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The International Monetary Fund’s Managing Director, Christine Lagarde, confirmed Saturday that the fund’s $384 billion in lending resources might not be sufficient to cover emergency lending requests if global economic conditions continue to deteriorate.She’s quoted in a Bloomberg report saying that the IMF’s funding capacity “looks comfortable today but pales in comparison with the potential financing needs of vulnerable countries and crisis bystanders.”
This is not the first time we’ve heard that the IMF’s lending capacity might not be sufficient to stem a global economic crisis. Chinese Central Bank Governor Zhou Xiaochuan had previously made similar remarks, though he and the leaders of other BRICS nations (Brazil, Russia, India, and South Africa) stated last week that they were “open” to contributing to global economic stability via the IMF.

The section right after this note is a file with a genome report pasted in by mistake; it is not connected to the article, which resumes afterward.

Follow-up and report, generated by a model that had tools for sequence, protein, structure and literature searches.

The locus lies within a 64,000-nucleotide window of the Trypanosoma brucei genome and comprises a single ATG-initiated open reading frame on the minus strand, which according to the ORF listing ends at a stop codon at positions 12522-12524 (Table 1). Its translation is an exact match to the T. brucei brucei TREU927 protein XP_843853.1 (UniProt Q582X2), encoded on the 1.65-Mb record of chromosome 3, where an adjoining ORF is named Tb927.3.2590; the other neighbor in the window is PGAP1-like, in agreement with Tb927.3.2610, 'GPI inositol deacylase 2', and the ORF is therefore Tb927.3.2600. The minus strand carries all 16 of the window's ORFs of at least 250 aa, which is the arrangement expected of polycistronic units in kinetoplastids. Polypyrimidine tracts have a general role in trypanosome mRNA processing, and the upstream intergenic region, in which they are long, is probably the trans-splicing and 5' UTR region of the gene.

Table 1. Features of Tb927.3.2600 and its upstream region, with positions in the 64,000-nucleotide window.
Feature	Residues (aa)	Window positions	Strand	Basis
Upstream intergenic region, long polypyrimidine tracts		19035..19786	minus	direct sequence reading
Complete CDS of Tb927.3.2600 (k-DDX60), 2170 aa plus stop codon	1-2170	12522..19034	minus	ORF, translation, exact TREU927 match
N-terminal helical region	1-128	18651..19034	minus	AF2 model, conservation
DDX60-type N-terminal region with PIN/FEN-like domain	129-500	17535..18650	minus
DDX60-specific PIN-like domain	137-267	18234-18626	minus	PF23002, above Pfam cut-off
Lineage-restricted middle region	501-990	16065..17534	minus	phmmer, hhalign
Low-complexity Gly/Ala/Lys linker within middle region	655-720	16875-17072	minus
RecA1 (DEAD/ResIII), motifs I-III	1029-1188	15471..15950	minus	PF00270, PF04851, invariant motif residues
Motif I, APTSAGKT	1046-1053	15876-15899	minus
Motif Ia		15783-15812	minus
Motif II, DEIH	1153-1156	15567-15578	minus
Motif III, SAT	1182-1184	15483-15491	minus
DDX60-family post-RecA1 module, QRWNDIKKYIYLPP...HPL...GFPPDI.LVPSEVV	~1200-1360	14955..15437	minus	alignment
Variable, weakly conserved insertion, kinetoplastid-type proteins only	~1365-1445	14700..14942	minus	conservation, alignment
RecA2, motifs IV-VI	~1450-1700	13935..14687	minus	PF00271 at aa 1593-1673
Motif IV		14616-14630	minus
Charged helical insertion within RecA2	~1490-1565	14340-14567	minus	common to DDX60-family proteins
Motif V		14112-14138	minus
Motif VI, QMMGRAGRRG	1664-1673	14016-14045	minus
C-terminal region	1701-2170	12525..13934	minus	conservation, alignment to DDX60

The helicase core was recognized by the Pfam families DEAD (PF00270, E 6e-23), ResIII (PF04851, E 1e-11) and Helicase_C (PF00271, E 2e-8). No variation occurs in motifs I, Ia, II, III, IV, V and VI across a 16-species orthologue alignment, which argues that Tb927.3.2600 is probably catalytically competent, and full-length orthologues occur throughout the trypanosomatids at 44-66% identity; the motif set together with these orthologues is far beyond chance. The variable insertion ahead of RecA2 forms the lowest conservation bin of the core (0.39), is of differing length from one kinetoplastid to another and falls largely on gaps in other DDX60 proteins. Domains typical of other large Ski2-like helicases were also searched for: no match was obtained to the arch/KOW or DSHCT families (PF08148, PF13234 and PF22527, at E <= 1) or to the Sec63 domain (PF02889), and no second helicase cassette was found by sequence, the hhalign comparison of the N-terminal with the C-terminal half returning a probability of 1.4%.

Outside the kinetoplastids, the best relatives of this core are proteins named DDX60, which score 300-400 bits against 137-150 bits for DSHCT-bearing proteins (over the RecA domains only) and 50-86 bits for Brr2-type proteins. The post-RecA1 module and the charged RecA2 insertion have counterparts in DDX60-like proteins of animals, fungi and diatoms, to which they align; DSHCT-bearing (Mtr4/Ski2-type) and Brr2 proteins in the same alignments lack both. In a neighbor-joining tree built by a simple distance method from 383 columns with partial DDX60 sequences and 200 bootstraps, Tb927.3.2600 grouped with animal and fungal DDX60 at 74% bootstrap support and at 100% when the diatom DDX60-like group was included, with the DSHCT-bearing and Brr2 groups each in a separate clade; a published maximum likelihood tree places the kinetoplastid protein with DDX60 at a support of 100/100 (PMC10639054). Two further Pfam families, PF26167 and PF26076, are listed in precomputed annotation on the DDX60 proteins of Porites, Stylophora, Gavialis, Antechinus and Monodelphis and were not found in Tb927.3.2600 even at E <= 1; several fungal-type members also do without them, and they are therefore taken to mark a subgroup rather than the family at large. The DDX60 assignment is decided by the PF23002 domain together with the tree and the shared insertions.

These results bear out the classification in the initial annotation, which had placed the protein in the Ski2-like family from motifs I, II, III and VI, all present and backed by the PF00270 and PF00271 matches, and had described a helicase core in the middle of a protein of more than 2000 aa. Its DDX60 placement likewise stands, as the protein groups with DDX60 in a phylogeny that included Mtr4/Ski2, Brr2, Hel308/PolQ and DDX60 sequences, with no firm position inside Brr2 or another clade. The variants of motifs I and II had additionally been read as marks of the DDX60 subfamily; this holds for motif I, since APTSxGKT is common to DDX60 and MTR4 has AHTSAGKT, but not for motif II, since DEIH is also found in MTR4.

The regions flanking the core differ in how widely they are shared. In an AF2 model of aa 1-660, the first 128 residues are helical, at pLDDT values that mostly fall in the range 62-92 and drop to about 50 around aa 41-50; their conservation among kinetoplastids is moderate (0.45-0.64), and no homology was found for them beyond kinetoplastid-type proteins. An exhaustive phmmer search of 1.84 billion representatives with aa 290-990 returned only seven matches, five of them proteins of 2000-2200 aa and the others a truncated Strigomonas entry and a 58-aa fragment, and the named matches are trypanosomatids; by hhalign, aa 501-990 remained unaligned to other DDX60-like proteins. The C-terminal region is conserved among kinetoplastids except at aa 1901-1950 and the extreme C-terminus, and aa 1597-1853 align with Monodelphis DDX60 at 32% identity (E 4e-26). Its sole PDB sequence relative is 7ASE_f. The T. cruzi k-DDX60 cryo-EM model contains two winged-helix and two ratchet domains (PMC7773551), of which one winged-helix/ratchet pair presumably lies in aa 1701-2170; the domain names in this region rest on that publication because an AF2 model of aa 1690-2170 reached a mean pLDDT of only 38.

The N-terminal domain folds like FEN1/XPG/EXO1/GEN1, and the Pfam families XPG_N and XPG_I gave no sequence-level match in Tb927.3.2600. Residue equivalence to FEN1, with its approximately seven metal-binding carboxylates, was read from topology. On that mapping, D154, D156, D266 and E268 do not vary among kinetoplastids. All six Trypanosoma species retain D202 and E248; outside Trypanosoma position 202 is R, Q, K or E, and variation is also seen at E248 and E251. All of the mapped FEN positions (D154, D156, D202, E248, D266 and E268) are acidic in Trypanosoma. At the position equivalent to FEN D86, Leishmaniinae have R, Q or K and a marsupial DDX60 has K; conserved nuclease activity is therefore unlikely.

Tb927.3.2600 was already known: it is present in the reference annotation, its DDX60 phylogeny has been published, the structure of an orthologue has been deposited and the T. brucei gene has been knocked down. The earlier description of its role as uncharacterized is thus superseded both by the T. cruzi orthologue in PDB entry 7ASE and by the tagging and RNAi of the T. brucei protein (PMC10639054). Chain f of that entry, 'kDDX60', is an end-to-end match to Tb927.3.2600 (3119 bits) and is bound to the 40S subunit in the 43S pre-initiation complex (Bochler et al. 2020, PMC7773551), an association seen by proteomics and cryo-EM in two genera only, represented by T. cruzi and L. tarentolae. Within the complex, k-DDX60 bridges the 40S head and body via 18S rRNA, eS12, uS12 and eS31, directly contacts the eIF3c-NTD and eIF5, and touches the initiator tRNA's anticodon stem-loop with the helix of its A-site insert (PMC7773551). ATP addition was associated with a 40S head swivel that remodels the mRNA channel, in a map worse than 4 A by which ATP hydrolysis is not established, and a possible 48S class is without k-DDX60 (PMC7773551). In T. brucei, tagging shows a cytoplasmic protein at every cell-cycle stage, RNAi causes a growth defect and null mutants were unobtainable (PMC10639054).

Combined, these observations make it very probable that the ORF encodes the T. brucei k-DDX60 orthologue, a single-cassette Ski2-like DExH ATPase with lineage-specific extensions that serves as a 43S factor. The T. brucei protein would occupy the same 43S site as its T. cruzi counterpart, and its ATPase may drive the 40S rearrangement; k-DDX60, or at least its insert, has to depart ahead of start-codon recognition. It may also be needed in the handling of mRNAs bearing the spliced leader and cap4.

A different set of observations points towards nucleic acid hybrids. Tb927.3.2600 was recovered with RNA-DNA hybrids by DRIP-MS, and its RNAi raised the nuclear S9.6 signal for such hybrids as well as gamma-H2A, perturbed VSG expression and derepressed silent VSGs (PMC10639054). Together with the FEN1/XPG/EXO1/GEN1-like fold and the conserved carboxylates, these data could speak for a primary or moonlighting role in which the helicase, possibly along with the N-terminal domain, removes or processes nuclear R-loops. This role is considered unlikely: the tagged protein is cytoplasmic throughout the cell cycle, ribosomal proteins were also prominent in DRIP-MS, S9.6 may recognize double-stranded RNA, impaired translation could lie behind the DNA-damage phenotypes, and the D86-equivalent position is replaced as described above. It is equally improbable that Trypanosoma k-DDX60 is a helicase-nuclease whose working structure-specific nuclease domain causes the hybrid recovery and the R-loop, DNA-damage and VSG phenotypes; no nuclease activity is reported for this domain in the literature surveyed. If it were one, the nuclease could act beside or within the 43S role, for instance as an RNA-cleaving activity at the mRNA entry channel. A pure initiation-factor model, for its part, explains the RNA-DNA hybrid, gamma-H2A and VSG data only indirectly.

The IMF has been instrumental in propping up Greece for the last 18 months, and announced last week that it would extend an emergency lending facility for another 6 months.
“The fund’s credibility, and hence effectiveness, rests on its perceived capacity to cope with worst-case scenarios,” Lagarde emphasised.
Analysts are speculating that salvation could come from the G20, which increased the fund’s size in 2009. More and more policymakers are passing off responsibility for addressing the crisis to the influential group and hoping for action from their October 14-15 meeting in Paris.
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